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Tackling workplace stress on National Stress Awareness Day

With over 13.3 million working days lost every year due to stress, depression and anxiety according to the Mental Health Foundation, Fourfront Group is today (4 November) on National Stress Awareness Day, encouraging employers and employees across the country to listen to their bodies, individually and as a collective, and to undertake physical and mental activities that will help individuals de-stress and rejuvenate in order to increase business productivity and boost employee satisfaction.

Mirroring the International Stress Management Association’s chosen theme this year, which is ‘employee wellbeing as a worthwhile investment in your business’; Fourfront is suggesting that a happier and healthier workforce should be at the forefront of business leaders’ agendas. The Group is aiming to use the annual stress awareness campaign as a catalyst for conversation; however, recent research has indicated, there is a long way to go.

The workplace is often blamed for soaring stress levels, which in turn can have a detrimental impact on business performance. According to Fourfront Group authority figures must realise that the individuals as part of a collective workforce all have variable abilities when it comes to handling workload and stress; some may have and honour their own stress-reducing techniques, whereas others may not have effective coping mechanisms at their disposal.

Leeson Medhurst, workplace consultant from Fourfont Group, offers his top tips for managing stress:

Get talking
In order to increase not just performance and productivity, but also staff morale, loyalty and retention, businesses need to actively monitor their employees’ health, happiness and wellbeing levels by establishing an open and honest communications policy. Employees should be able to approach their peers and managers about issues concerning their wellbeing without feeling judged.

Freud was perhaps onto something with his ‘talking cure’; talking can help treat an abundance of psychological disorders and emotional difficulties. There’s a way to encourage teams to communicate with each other without compromising focus and effort. Companies should set up cosy and comfortable communal areas that individuals can use as a breakaway space when workloads get demanding. By actively promoting professional relationships by utilising space to encourage dialogue, business directors will get much more from their staff.

However, talking will only get you so far – it’s about listening too. According to the likes of Richard Branson, listening is the key to all effective and worthwhile conversation. Being a good listener can help you see the world through the eyes of others. If companies are concerned about their internal or external communications, there are various courses across the UK that offer listening skills training.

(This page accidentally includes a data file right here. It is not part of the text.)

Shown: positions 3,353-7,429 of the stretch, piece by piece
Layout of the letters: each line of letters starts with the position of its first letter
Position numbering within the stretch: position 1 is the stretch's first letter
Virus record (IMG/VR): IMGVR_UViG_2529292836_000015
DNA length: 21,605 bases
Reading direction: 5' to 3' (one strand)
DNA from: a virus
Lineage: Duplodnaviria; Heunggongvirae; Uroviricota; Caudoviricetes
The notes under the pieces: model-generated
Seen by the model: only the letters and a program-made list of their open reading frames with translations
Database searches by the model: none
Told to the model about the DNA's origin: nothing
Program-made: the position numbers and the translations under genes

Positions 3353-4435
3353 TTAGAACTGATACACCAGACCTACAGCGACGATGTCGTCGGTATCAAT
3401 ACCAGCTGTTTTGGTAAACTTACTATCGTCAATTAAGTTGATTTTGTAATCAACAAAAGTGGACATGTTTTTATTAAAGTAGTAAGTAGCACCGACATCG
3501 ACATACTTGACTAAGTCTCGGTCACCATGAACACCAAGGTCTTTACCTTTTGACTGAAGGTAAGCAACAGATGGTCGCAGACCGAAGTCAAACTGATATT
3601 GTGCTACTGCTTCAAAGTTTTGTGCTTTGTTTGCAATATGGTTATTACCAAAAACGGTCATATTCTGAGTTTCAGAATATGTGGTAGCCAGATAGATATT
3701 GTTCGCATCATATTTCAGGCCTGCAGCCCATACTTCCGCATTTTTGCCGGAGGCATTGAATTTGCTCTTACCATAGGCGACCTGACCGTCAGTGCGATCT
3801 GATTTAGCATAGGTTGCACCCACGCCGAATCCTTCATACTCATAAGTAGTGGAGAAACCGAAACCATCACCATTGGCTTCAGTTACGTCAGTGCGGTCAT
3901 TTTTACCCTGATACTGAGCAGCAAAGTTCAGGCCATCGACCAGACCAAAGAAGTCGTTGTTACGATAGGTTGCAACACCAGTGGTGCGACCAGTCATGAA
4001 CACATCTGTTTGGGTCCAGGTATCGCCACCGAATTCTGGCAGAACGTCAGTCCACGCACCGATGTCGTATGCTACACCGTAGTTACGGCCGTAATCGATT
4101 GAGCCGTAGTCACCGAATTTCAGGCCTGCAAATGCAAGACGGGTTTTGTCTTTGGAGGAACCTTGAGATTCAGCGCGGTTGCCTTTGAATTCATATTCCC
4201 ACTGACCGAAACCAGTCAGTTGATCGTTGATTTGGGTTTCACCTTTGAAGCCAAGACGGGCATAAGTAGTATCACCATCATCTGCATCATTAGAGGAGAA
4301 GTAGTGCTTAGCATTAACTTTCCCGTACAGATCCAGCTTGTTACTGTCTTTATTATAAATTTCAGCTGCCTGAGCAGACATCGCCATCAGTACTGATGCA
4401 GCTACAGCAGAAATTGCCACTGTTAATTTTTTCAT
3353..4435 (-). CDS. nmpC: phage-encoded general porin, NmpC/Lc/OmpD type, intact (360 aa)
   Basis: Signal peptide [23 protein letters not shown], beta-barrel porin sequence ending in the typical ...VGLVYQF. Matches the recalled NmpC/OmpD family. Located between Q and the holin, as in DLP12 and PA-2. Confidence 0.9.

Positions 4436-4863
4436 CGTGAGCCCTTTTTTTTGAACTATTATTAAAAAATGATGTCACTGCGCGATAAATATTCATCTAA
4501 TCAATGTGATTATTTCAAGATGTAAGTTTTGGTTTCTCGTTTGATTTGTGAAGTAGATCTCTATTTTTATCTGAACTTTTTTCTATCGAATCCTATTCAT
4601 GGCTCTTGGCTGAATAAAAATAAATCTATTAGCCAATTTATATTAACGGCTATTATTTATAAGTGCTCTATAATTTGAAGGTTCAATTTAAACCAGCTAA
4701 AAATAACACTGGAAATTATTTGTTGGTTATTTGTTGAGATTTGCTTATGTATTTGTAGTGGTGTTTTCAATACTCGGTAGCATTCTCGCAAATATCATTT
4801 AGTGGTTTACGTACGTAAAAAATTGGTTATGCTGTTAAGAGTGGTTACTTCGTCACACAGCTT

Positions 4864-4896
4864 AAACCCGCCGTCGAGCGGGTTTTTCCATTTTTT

Get moving
Numerous research studies have promulgated that regular exercise can help to reduce stress, anxiety and depression. Regardless of whether individuals are primarily desk-based, there are ways and means of ensuring that workers can undertake physical activity during contracted hours. Stretching and walking are two of the easiest (and most subtle!) activities that can help relieve both mental and physical tension. Employers should actively encourage people to take their breaks; desk-side lunching is not healthy, nor is it particularly helpful in refreshing tired minds. Get people up and on their feet!

Get drinking
Get your employees drinking more water. Dehydration hinders an individual’s ability to process information and produce work. Even mild dehydration impacts productivity; it also has a negative effect on general health and wellbeing. Invest in water-dispensing units or ensure that individuals have access to fresh, cool running water. It’s easy to forget to drink water so businesses can also display signs to encourage people to refill their glass at least a few times every day.

Get balanced
In addition to these tips, it’s important that companies encourage a flexible work/life balance. We’ve all heard the saying; ‘all work and no play makes Jack a dull boy’ – if a person isn’t allowed sufficient time to switch off from work, either in the workplace or at home, then the person in question will become both bored and boring.

If companies wish to strive for a creative, productive, energetic and happy workforce, business leaders should review their communications policies, encourage physical exercise, create comfortable spaces and allow employees to work and play in equal measure.

About Sarah OBeirne

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